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Shielded Building Construction
Posted: Mon Jun 30, 2008 4:09 am
Someone on the IEC Yahoo board brought up the fact that he did not know how to design a building that was properly shielded from radiation. Well here's one that I am familiar with, The FEL building at Jlab:
the trick is to put the experiment in the cellar and have dummy floor filled with sand on top. A berm helps. Entrances are serpentine with magnetic locks to keep people from entering the machine when operating and for installation there is a garage door that is covered in layers of big concrete blocks for operations. Control rooms and auxilary equipment go on the second floor with serpentine feedthroughs. The radiation from the FEL when operating(20-30 MEV) is higher than anything we would ever see from a BFR.
Posted: Mon Jun 30, 2008 5:41 am
I think MSimon calculated that a few feet of concrete would be adequate shielding for even a D-D fueled Polywell.
Posted: Mon Jun 30, 2008 10:03 am
I was thinking of a berm in front of the garage door. Maybe not a good idea, unless access to the door can be strictly controlled.
For a rough idea: 6" of concrete stops 90% of the radiation (that may not be true - it is roughly true). To go from 1E12 n/sq cm to 1 n/sq cm then requires 12 X 6" of concrete. 6 ft. For a D-D machine the n production is 100X higher. Add another ft of concrete.
We know how to do this.
The tricky part is getting the shielding light enough for a ship. Again consider - even for a D-D machine you only add about 20% to the amount of shielding required vs a fission nuke. By the same token using p-B11 only reduces shielding requirements by about 30% (vs a fission nuke) in terms of material.
Now we may be able to do better than that by tuning the shield to the radiation produced. A BFR is going to produce a narrower spectrum than a fission nuke. Especially when it comes to gammas.
For an aircraft: A long fuselage and superconducting cables to get the power to the motors. Low activation potential cargo near the reactor.
In any case there are folks working on 100 knot ships. That is about 24 hours across the Atlantic. About 3 days across the Pacific. Steer around storms.
Think about what 100 kt ships mean in terms of war fighting. For one thing CVs would not have to turn into the wind to launch aircraft. If the ship has enough maneuvering room to get up to speed, launches can be gentler. Lengthening airframe life. Landings can be safer - reduced delta V between the ship and the aircraft.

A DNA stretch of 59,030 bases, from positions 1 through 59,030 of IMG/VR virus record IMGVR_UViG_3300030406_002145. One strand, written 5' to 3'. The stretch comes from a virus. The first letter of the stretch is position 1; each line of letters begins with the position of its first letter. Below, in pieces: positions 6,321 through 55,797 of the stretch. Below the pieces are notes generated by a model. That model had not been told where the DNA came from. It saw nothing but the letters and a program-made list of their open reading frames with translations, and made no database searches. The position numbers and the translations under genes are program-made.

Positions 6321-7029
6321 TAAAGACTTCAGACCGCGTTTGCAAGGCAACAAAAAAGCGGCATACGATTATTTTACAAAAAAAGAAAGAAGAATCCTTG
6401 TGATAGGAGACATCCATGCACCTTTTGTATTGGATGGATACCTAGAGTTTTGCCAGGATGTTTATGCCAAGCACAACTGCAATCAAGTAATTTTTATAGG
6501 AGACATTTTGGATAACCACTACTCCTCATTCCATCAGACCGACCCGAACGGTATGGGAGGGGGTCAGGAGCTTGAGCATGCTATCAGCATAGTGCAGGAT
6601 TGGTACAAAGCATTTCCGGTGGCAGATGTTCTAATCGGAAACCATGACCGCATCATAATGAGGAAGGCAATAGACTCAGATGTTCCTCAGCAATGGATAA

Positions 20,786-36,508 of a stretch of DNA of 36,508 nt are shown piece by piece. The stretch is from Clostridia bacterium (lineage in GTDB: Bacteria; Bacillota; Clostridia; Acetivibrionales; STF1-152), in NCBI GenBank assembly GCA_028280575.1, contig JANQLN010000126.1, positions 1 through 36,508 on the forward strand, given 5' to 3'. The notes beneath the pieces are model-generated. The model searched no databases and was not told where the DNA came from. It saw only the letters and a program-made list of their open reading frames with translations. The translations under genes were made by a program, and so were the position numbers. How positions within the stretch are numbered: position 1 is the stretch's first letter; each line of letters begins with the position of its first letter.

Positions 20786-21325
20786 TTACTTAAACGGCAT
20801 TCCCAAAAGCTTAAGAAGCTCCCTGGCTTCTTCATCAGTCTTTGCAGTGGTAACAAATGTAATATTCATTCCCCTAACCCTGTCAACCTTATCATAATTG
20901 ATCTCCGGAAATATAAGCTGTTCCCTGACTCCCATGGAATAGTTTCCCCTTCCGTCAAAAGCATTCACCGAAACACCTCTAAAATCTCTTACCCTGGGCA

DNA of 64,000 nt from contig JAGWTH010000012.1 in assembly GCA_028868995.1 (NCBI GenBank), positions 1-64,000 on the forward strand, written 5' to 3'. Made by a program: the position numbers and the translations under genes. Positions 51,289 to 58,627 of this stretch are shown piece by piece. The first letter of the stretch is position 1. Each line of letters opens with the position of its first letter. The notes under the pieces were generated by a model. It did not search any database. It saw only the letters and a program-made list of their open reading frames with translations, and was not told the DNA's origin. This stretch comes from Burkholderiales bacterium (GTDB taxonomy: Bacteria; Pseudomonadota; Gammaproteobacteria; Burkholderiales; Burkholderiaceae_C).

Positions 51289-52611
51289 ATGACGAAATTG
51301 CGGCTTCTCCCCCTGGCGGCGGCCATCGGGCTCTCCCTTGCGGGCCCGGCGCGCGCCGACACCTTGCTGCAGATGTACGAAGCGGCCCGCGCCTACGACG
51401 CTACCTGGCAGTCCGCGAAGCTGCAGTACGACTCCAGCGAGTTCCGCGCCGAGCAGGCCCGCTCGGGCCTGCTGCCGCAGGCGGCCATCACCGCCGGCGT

Deck activity may have to be automated (or at least "remote" controlled) to allow deck activity with a 100 to 150 kt wind. Set up may be strictly a hangar deck operation.
Interesting set of problems.
Re: Shielded Building Construction
Posted: Tue Jul 01, 2008 6:44 am
I had to look this up... (I know, I know, I'm not enough of a geek... yet...) So in case anyone is curious:
Posted: Tue Jul 01, 2008 8:53 am
For some reason even our local hospital's linac has insane radiation shielded rooms with concrete walls and massive 2ft thick door around a 20ft corridor. Its like going in to norad and and they don't even emit neutrons.
Posted: Tue Jul 01, 2008 1:06 pm
There's a good reason for that shielding. I'm betting the linac has 20 to 50 MeV protons which have a pretty good penetration in most things. It's all the secondary radiation of gammas you need to make sure don't come out when the beam misses due to a magnet failure.
That's the problem with safety - it's not just dealing with what happens when things are working. It's dealing with all the crap that might happen if something fails. It's a lot easier to argue that no matter what, the walls are thick enough than to go thru every possible failure mode.
Posted: Tue Jul 01, 2008 1:16 pm
Its an electron linac with top power of I think 20 something MeV.
Posted: Tue Jul 01, 2008 1:22 pm
Then it's shielding from the secondary gamma's and x-rays. Does sound like over kill though. But it was easy to get approval!
Posted: Thu Aug 07, 2008 2:55 am
In production the first criteria for a containment structure would be one strong enough to discourage men with funny accents and suicidal tendencies from flying planes into it to see what would happen. Radiation containment is a smaller problem by a couple of orders of magnitude. Someone else in this thread pointed out a couple of feet of packed earth would do for the kind of radiation likely to be emitted and I agree with his estimate. The boron fusion reaction isn't all that "hot". Putting the reactor in a chamber 15' underground and capping it with a 2' reinforced concrete cover would probably take care of the likely and expected/unlikely but most unfortunate mishaps imaginable.
(Oh, I wouldn't expect a mushroom cloud if someone flew a plane into it. But it would make a hell of a mess of a $100Million dollar facility and drop 1000-1500MW of power off the grid suddently and for an inderminate length of time. That in itself could cause a cascade of power failures across the country.)
Posted: Thu Aug 07, 2008 3:00 am
All they would have to do is drop aluminum chaff into the distribution station.